Friday, January 12, 2007


From: The World will be "done" by the year 2025 (Renéé Delavy,, January 10th, 2007)

You are standing in midst of the Brazilian original forest, look up in the sky, out of a green hell, a yellow snake flies into your face, curls her tail quickly around your neck, looks grinning in your face, snaps forward and tears your eyes out and afterwards swallows you and you are dead as dead can be. Okay, I must admit: The Brazilian forest is the whole planet, the green hell is the USA, the snake is the US-capitalism of globalisation, the grinning is not the one of a snake but of George W. Bush, your eyes are the two sides of human ethics, and the dead body at the end is the species Homo sapiens.

Do you really believe, that there is just one politician, CEO, Nobel- price holder or philosopher, able to prevent our world from being "done" as a result of self-destruction? Naivety has its price, too. Just note the following: The World of Homo sapiens will be "done" by the year 2025, it may well be tumbled, will have come to the end with its Latin - and in any respects you could think of. The planet may be "done" for reasons of economics, ecology, resources and energy, due to a break-down of cultural life, or collapse due to all imaginable stupidities in politics. Nothing, absolutely no measures humans could guess, will prevent the final down-fall of humanity. Why? Think of the snake and than have a look at the following arguments:

Think of England has just treated us to the latest ravings of Harold Pinter, one of England’s coterie of angry old men, on the unspeakable evils of Bush-Blair-Hitler. Move over, Mr. Pinter, your time is up. A whole new generation of talented, insane leftists is taking your place and revealing your anti-American rhetoric and poetry to be as tired and dated as your plays. The time for the Ms. Delavys of the world has come and they will not be denied. Don't fight it, it's hopeless. There is really nothing left for you to do but retreat quietly to your bedroom, curl up and die.

This stuff defies analysis and so Diversely We Sail is pleased to announce its first contest. You are invited to share or link us to your favourite short piece of anti-American or anti-Bush bile. Extra points will awarded if the source is American and demonstrates artful pathological self-contempt. Depending on the response, we may consider collecting them into an anthology. If we do, we promise to share royalties, unless you are an American and therefore personally responsible for the total destruction of the biosphere and all life in it. In that case, we will use your share to throw one heck of a party.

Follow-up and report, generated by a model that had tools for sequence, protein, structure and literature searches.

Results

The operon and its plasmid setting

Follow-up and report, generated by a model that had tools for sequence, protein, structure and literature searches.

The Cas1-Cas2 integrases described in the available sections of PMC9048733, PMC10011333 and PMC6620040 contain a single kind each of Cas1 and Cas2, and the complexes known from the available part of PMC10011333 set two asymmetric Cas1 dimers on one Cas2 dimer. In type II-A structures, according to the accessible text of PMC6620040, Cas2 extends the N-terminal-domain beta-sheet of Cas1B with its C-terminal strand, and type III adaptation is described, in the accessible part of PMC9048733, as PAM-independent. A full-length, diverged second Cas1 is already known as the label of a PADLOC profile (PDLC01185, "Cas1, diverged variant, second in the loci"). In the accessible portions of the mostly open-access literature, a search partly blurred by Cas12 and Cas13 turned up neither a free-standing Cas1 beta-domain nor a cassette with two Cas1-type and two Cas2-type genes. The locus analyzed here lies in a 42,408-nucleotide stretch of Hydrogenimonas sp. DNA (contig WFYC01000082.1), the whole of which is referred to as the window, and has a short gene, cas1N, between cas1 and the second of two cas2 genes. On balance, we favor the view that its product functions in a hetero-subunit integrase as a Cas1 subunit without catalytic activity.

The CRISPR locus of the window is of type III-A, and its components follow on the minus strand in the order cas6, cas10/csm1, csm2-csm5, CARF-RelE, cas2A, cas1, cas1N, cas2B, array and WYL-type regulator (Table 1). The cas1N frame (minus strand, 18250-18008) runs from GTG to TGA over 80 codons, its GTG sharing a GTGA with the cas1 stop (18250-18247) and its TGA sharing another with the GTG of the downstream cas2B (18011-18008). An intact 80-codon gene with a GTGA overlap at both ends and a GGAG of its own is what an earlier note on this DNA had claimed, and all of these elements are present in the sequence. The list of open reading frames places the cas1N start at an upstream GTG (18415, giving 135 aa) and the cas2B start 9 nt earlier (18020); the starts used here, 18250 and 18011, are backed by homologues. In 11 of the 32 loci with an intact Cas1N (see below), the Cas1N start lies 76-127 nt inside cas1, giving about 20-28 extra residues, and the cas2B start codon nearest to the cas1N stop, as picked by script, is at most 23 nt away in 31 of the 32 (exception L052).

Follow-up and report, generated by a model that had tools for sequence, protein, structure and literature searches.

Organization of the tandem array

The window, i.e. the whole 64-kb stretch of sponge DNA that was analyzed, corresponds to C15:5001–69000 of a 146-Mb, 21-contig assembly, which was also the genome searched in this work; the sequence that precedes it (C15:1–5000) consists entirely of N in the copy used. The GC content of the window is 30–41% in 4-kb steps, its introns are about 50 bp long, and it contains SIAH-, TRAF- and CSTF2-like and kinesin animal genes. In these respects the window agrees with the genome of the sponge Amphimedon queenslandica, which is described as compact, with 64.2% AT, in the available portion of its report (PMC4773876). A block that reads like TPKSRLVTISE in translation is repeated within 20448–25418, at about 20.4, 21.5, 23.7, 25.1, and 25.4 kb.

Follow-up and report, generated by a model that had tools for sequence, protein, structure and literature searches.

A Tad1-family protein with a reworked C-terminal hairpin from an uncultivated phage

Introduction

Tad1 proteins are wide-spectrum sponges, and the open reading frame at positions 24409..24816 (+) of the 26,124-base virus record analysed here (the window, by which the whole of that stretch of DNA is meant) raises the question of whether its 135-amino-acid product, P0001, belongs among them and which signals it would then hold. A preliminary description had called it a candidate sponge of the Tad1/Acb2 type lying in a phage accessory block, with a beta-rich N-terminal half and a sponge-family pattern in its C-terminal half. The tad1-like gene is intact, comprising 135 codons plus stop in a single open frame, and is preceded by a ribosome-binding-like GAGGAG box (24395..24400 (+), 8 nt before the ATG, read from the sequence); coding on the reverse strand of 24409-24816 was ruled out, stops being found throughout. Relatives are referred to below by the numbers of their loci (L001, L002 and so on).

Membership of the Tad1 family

From: Defense Dept. warns about Canadian spy coins (MSN, January 11th, 2007)

In a U.S. government warning high on the creepiness scale, the Defense Department cautioned its American contractors over what it described as a new espionage threat: Canadian coins with tiny radio frequency transmitters hidden inside.

The government said the mysterious coins were found planted on U.S. contractors with classified security clearances on at least three separate occasions between October 2005 and January 2006 as the contractors traveled through Canada.

Hey, give us a break. It takes time to get a grip on this hard power thing.


From: Can the Crocodile Kid bring back the millions to Australia's shores? (Bernard Lagan, The Times, January 10th, 2007)

She is barely eight years old and lost her father, Steve Irwin, the crocodile hunter, only four months ago. But today Bindi Irwin will travel to the United States to seek stardom — amid muted fears that she is being pushed too far, too fast from a childhood already interrupted by tragedy.

Bindi Irwin is to front a new 26-episode show, Bindi, the Jungle Girl, that is to be shown on the Discovery Kids channel.

Australian tourism chiefs, for whom her father was a golden asset, have picked up on Bindi’s emerging fame and have given her top billing in events in Los Angeles and New York for G’Day USA Week, a promotion aimed at bolstering tourism to Australia. She is also scheduled to appear with leading talk-show hosts including David Letterman and Ellen DeGeneres, give a speech to the National Press Club in Washington and perform on stage with the internationally known Australian child entertainers the Wiggles.

Outwardly, she goes with the backing of most Australians, who were moved by the brave eulogy she delivered at her father’s memorial service. Child psychologists who posed questions about her ability to fill her father’s shoes — her stated ambition — were met with public words of reassurance from her mother, Terri, and Irwin’s manager, John Stainton, both of whom emphasised that the course was Bindi’s choice. In an editorial yesterday, though, the Melbourne Age newspaper bluntly put the questions about Irwin Inc that many Australians harbour but few are prepared to ask.